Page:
By now, it should be self-evident that Big Books are a must-buy for every classroom. Check out all our available Big Book products here at our website or downlaod the brochure below!


Click the image below to download a brochure containing Hameray's narrative and informational Big Books. Keep an eye out for the upcoming Fall 2016 catalog, which will feature 30 new Big Book titles!

                                                                 Leveled Big Books

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Topics: Joy Cowley Collection, Leveled Readers, Big Books, Sally Hosokawa

Tips for Classroom Management with Richard Giso! [Classic Post]

Posted by Richard Giso on Aug 23, 2016 3:30:00 PM

This is a guest post by Richard Giso that originally ran in September 2013. Click here to see his other posts. You could also check out his blog, Mr. Giso's Room to Read, in which he writes about fun classroom activities, behavior management, and classroom management.
Richard Giso 200

Classroom Management

I am often asked how my classroom runs like a “well-oiled machine.” My response always notes how important the first few weeks of school are in setting a positive, yet well-managed, tone for the remainder of the school year. Without establishing clear expectations starting day one, a teacher is setting his or her classroom up for a year of potentially ineffective instruction. I’m pleased to have a chance to share some of my strategies with you today.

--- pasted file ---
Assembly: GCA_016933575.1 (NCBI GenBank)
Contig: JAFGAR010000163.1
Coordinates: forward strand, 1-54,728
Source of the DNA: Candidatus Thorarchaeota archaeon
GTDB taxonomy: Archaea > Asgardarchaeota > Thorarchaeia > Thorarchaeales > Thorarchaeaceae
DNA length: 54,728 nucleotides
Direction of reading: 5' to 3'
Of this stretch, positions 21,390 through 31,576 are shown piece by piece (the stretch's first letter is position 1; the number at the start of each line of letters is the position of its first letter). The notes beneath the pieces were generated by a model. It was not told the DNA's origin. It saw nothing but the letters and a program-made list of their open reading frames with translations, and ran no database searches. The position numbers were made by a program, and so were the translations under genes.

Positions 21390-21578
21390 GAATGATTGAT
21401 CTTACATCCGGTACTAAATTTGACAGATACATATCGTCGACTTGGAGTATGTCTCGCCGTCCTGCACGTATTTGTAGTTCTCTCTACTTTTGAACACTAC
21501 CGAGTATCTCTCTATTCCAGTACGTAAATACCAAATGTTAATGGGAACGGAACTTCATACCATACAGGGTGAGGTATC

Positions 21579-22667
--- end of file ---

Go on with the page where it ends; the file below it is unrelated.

Mr. Giso’s Top 10 Tips for a Well-Managed Classroom

1. Be as FIRM and as STRICT as you can be from day one—especially for new teachers. You can always “ease up on the reins” as you move through the year, but you will never “tighten them up” successfully midyear. You are not your students’ friends; you are their teacher. Don’t worry—in the end, they will still love you.

2. Establish a routine for everything, starting on the first day of school. This includes daily before-school work, walking in the halls, sharpening a pencil, getting supplies, using the bathrooms, assembling on the rug, using your classroom library, placing the date on written work, unpacking snacks, turning in homework, taking attendance, collecting lunch money, dismissal—EVERYTHING!

3. Develop classroom rules and expectations as a community on the first day of school. Phrase words in a positive manner. Instead of “No running!” use “We will walk.” Have them numbered and posted in a central location by the second day. Don’t forget them! When a student breaks a rule, bring him or her to the rule board for a discussion. Send the rules home to parents the first week so that they know your expectations too.